By Steve Peterson
Amazon has recently hired a noted RPG designer, Jonathan Tweet, to design a social game for them. Amazon did not answer requests for further information, and the game remains unannounced expect for an entry on Jonathan Tweet’s LinkedIn profile. Tweet did confirm his new role to IndustryGamers. This move follows the release this May of Amazon’s Appstore for Android and Amazon’s release of their mystery and thriller book publishing imprint Thomas & Mercer.
Jonathan Tweet is a noted paper-and-pencil RPG designer. He’s best known for his contributions to Dungeons & Dragons 3rd Edition, and among RPG fans for his creation of the influential titles Ars Magica and Everway, along with many other RPG credits. Most recently he worked at Gamehouse on various Facebook games. His choice as lead designer for a social game leads immediately to speculation that Amazon’s social game might have RPG elements.
Amazon has already been a game publisher since their October 2008 purchase of Reflexive Entertainment, a longtime developer of downloadable games (for a variety of platforms) such as Big Kahuna and Airport Mania 2. Amazon has sold those downloadable games, along with many others, through their Digital Services division. Amazon’s presence in the digital distribution of games has been minor compared to Steam and other distributors. Recently Amazon started meeting or beating Steam’s sale prices, in a likely bid to raise their profile among game shoppers.
Developing and publishing a social game is a much different proposition than creating a typical downloadable PC game, though. A social game is a continuous process, where the publisher is developing new content and tweaking existing content based on user data. Audience size is critical, especially when using a free-to-play model. Unless you have an audience in the millions, you can’t expect to make any significant money when a typical social game has between 1% and 5% of the players paying anything at all.
Moreover, social game companies (such as Zynga) typically depend on having multiple game titles to cross-market to their customer base. When players get bored with one of their social games, they can entice them into another one. Current customers are the best prospective customers for other games you offer. Amazon should know that unless they plan to enter the social gaming market in a big way, with significant marketing and multiple games, they would be unlikely to have any great success.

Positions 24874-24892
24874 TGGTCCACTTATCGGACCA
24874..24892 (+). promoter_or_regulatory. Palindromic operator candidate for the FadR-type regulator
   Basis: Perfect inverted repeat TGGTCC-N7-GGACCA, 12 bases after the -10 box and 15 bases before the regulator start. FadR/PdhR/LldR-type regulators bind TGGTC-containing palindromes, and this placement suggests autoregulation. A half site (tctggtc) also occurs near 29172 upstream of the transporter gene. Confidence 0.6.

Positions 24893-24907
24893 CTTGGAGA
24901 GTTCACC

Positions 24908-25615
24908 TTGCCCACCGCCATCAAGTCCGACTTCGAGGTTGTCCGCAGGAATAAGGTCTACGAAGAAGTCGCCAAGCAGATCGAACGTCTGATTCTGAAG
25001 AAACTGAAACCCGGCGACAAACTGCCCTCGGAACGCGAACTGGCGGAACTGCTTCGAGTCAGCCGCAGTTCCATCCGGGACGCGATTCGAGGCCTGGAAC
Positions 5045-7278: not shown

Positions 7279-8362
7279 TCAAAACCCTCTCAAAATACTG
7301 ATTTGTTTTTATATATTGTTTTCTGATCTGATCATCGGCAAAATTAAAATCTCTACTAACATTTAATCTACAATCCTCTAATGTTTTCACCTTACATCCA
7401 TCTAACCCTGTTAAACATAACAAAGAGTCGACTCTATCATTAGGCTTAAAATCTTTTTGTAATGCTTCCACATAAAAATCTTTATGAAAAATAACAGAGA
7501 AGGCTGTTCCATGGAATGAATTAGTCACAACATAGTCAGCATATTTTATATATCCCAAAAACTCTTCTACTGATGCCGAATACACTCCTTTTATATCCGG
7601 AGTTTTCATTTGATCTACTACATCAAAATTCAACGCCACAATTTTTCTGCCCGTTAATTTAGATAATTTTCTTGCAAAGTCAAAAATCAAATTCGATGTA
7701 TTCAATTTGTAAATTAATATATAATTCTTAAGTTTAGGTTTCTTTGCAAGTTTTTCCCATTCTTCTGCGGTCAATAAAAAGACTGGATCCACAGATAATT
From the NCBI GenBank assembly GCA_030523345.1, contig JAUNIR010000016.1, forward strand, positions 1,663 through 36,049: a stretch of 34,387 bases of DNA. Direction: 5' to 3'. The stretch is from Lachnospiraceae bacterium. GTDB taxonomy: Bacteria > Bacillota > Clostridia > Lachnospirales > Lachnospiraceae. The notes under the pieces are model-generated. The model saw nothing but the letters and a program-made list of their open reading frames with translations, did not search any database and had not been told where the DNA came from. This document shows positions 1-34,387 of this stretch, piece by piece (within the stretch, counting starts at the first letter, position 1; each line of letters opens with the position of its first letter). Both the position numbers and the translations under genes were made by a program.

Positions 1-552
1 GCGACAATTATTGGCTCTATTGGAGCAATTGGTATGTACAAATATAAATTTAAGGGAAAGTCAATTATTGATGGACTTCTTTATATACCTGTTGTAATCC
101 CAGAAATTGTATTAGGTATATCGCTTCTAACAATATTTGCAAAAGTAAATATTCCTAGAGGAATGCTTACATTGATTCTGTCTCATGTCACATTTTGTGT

Amazon’s approach with its new book publishing line, Thomas & Mercer, may be indicative of how they plan to approach gaming. Amazon has picked up all the rights to 47 books from best-selling author Ed McBain, which should give them a significant presence in that market.
Combining this information with Amazon’s push into creating their own Android Appstore, and the rumoured new Android tablets they will be producing, I suspect Amazon may plan on rolling this new social game right into their new hardware. It’s certainly the obvious way to build a big audience for a game very quickly, and having free games on your hardware would be an added selling point for the hardware. Clearly the whole idea of Amazon creating their own Android tablet is not to build the best technology, but instead to get their storefront and all the content they sell into the hands of a large audience who are already used to buying from Amazon.
If Jonathan Tweet can create a social game with strong RPG elements that could be very appealing to a lot of users, and help attract more of an audience to Amazon’s entire game line. While it’s not certain until we see more sign’s of Amazon’s investment in games, Amazon could be very serious indeed about building a competitive game publishing business. Amazon certainly has the resources and the audience to compete with any player in the game business.